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Doowop forever!

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Real Doowop:

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In the Still of the Night - Fred Parris and The Satins

https://www.youtube.com/watch?v=fBT3oDMCWpI

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I respect purer Doowop. I just don't see it as some kind of fixed museum piece. Doowop variously informs many other kinds of music which are greatly enriched by it.

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I'm wondering if anyone will try to meld classic Doowop with Hiphop? That might be interesting.

For anyone interested, the top Doowop stations are http://doowopcafe.org/ and http://doowopradio.com/. They both stream or you can listen through the web.

What's nice about the Cafe is that they mostly have live DJ's, some of whom used to sing themselves and will talk about the music, not just play song after song. They also have a chat app active so people can interact.

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Jan 19, 2022Liked by Ted Gioia

All the issues in jazz audiophile seem to be reissues. Personally I like it but it’s not a good trend. Years ago, my late boss who went to a lot of jazz clubs referred to me as the “guy who likes the dead guys.” There seem to be a lot of people like that nowadays.

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That's a problem with jazz. Once someone has played every wrong note and got away with it, there's no way to innovate.

You could pretty much play random notes in jazz at this point and it would be analyzed as derivative.

The only "innovation" is how much of one thing you're willing to force listeners to hear at once.

Other than spending at least a solid minute on something set class 7-3, there's not much left to do.

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What complete and utter nonsense Joshua.

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Don't you miss the old days of the internet, when trolls were trolls?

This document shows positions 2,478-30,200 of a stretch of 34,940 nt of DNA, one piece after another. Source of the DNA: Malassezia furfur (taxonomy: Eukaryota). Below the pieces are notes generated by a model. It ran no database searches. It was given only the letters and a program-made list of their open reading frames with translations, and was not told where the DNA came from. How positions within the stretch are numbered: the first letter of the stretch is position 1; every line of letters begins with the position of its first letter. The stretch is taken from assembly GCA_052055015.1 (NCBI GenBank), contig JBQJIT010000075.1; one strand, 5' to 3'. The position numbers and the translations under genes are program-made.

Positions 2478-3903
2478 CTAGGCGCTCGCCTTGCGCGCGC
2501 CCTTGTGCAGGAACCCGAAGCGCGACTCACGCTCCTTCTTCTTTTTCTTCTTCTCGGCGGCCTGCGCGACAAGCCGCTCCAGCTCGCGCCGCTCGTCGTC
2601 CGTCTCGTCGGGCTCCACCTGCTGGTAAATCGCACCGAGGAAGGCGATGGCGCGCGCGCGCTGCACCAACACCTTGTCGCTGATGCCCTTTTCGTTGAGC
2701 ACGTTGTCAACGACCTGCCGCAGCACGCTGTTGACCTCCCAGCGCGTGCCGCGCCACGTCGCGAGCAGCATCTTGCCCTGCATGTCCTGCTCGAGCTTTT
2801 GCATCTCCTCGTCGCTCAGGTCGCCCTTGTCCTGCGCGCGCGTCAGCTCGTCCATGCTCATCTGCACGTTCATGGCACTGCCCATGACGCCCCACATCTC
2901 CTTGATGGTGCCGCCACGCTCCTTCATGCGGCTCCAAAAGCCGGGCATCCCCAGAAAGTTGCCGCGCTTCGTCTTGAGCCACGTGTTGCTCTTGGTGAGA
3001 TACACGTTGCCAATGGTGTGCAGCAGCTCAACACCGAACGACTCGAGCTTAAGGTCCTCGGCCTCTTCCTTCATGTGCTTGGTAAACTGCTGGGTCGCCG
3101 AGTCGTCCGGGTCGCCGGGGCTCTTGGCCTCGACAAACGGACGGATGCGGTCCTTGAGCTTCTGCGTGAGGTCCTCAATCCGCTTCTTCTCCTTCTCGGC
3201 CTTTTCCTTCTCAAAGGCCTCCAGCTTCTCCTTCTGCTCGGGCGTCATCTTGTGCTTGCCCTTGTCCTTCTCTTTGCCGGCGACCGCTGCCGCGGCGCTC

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Surely that says more about the perceived market for expensive audiophile releases than it does about the state of jazz.

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I hope you are right about new good music coming from the lowlands. Personally, we have lots of old vinyl and cd's that we have not really listened to carefully. One of my favorite Angolan artists came out with a new album a few months ago, but all I could locate was an mp3.

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If Chutney Soka and tap into the High Life market, that's gonna' be pretty important.

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Not to mention zouk, beguine, cadence et al.

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Sure. I only suggest Chutney Soka because it's already viably co-marketed between India and the Carribean. High Life and Dance Hall are similar enough that if Chutney Soka can adapt to both those markets, it could be the Next Big Thing. I'm betting that teens in Nigeria are ready to hear Shree if the beat is right. Pop musicians have been avoiding Shree for what now seems more and more like no good reason.

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Not familiar with Shree. Had to look it up.

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Like I said, it might be the next big thing. It's what's left still to do.

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The music I listen the most is classical and what I can say to you. This thing (people don't listen to new music, they only listen to the old masters) has been said in that genre for a century. Who knows what will happen, but it is entirely possible that people focus on the past for a long time.

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author

Popular music is increasingly resembling classical music in its veneration of the past—and that's something I never thought I'd say.

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Ted, I've thought it, and discussed it with two or three people, for about thirty years, now.

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Indeed, they even try and sell off digital equipment as the work of the head cook, one door down from heaven...